What is sciatica?
The sciatic nerve is the largest nerve in the human body. It runs down your lower back and through the back of the leg, right down to your toes.
The most important thing to know about sciatica is that it is not a diagnosis. Sciatica is the term used to describe the symptoms of radiating pain down the lower back, hips and legs, which can be the result of different underlying causes, including pregnancy.
What are the symptoms of sciatica in pregnancy?
You can experience sciatica at any point during your pregnancy, but it is more common in the third trimester.
Sciatica is when your sciatic nerve becomes irritated, causing discomfort and painful symptoms which can include:
- Pain that radiates down through your buttocks, hips and legs typically – you might experience this as a mild ache, burning sensation or shooting pains (the pain can vary from person to person).
- The feeling of irritation, pins and needles or a painful tingling down your buttocks, hips and legs.
- Very occasionally weakness in your legs or feet.
What causes sciatica during pregnancy?
The causes of sciatica during pregnancy are often multifactorial and different for every woman and pregnancy.
There are several underlying causes that can irritate the sciatic nerve, including:
- Normal pregnancy-related changes affecting your muscles, ligaments and joints, typically impacting on your lower back, spine and pelvis.
- Your body producing a hormone called Relaxin which relaxes your joints, muscles, ligaments and helps your pelvis to expand in order to accommodate your growing bump and prepare you for child birth.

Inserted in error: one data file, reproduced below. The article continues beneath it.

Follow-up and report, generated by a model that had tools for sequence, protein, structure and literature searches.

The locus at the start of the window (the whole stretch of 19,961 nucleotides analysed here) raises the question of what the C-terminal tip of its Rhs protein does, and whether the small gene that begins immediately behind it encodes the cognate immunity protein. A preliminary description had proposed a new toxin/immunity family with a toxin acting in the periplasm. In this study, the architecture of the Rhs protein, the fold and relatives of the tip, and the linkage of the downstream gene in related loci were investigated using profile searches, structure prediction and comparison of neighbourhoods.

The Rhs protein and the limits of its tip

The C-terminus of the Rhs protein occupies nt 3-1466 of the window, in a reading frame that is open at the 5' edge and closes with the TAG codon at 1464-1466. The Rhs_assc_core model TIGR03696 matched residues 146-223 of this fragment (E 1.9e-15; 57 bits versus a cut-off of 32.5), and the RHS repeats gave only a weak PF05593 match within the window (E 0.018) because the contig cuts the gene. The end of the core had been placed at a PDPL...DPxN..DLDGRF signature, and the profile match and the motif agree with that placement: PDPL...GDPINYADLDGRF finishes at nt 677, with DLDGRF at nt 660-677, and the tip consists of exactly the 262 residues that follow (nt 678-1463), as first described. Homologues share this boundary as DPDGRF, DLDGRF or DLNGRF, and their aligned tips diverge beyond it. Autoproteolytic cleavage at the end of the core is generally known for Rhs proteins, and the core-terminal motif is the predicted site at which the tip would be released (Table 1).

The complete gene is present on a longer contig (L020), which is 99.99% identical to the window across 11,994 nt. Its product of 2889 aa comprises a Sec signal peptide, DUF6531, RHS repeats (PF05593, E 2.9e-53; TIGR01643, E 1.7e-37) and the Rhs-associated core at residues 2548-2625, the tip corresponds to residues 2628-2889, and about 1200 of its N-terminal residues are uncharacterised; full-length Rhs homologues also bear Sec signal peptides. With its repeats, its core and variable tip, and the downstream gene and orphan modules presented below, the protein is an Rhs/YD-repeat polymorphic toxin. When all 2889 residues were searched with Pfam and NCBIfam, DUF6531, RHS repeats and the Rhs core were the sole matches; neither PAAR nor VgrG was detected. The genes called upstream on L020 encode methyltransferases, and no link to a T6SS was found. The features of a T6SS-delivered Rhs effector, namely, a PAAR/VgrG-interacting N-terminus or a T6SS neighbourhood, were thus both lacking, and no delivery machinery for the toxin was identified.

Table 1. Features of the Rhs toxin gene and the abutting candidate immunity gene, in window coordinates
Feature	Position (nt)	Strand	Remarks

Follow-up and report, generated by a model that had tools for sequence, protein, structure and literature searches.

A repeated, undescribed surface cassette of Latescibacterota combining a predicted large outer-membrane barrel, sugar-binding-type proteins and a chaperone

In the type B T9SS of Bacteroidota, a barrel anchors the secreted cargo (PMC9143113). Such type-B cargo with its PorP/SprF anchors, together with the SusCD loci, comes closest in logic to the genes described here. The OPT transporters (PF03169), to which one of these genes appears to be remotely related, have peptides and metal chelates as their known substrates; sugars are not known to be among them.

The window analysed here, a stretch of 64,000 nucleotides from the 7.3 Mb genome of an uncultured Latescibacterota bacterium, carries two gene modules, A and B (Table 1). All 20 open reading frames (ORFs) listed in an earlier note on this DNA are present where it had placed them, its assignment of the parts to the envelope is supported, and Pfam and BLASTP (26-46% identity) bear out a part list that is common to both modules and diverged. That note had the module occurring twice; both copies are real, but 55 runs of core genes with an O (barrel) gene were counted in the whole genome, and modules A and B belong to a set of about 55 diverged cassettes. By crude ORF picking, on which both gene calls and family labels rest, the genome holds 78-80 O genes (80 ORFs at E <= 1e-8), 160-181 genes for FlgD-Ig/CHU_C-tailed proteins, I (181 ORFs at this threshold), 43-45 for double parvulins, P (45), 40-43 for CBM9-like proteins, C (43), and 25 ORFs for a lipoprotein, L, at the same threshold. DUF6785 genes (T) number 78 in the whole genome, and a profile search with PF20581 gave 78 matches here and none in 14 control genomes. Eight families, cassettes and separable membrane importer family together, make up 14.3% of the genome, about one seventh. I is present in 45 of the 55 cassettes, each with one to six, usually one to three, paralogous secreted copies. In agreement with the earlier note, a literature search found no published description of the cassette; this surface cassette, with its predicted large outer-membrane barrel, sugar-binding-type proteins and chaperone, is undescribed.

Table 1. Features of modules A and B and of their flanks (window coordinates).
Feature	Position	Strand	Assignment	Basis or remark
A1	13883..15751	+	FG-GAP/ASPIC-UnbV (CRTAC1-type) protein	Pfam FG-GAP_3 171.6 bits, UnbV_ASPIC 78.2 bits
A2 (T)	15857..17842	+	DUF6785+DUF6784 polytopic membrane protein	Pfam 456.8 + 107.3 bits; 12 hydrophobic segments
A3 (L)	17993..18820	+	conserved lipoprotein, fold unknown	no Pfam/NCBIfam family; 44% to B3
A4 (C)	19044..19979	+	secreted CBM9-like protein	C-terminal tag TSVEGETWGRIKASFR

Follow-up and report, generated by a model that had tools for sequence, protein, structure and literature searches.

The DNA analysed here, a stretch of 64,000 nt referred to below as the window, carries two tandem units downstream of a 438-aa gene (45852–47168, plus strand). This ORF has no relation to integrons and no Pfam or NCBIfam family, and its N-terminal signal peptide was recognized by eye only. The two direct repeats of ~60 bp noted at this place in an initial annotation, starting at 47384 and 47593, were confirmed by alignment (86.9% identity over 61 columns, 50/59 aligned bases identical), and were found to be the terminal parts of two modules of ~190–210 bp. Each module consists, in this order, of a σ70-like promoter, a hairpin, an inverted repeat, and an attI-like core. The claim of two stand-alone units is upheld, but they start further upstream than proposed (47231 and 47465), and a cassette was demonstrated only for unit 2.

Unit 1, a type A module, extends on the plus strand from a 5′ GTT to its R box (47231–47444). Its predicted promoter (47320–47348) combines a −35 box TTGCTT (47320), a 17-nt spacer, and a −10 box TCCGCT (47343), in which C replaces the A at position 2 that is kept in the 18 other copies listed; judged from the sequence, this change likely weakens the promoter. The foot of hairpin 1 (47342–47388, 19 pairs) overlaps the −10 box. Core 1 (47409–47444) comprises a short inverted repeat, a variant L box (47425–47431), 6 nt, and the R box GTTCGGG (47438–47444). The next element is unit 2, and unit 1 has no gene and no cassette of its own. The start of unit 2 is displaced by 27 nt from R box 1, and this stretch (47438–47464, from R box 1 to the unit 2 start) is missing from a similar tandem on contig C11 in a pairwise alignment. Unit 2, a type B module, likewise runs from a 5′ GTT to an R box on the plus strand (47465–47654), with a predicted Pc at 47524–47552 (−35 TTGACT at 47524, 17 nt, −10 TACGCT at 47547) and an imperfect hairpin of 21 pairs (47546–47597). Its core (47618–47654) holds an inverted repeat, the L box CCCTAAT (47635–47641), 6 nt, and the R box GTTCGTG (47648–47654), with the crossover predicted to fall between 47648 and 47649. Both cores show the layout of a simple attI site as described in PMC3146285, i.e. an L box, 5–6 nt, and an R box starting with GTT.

- The position of your baby and the way that your body distributes the extra weight you are carrying.
- Changes and adjustments to your posture and the way you move around day-to-day.
- Underlying weaknesses or having back pain or sciatica before the pregnancy.
Physiotherapy for sciatica during pregnancy
Physiotherapy is an effective treatment for pregnancy-related sciatica.
Your physiotherapist will conduct a thorough assessment to identify the underlying cause of your sciatica. Identifying the root cause when you are pregnant is important because it will enable them to create an appropriate treatment plan that can help to stop or reduce the pain, as opposed to just treating the symptoms.
This treatment plan will also help you to manage your sciatica as your pregnancy progresses and prevent your sciatica from returning or worsening.
Physiotherapy treatment for pregnancy-related sciatica with an Ascenti physio may include:
- Soft-tissue massage – Your physio may use a range of different soft-tissue massage techniques, typically applied to your lumber spine and gluteal muscles while you lie on your side to reduce muscle spasms and any tightness around the sciatic nerve. This is not the same as a holistic massage or a sports massage; this is targeted physiotherapy treatment that will form one part of a wider treatment plan.
- Stretches – Flexibility work and stretching within pain limits can help to reduce tension and improve mobility, which can reduce irritation to the sciatic nerve. Stretching has the potential to improve the pain of sciatica for some people but can make it worse for others, depending on the root cause of the sciatica, so it’s important to seek exercise advice from a physiotherapist.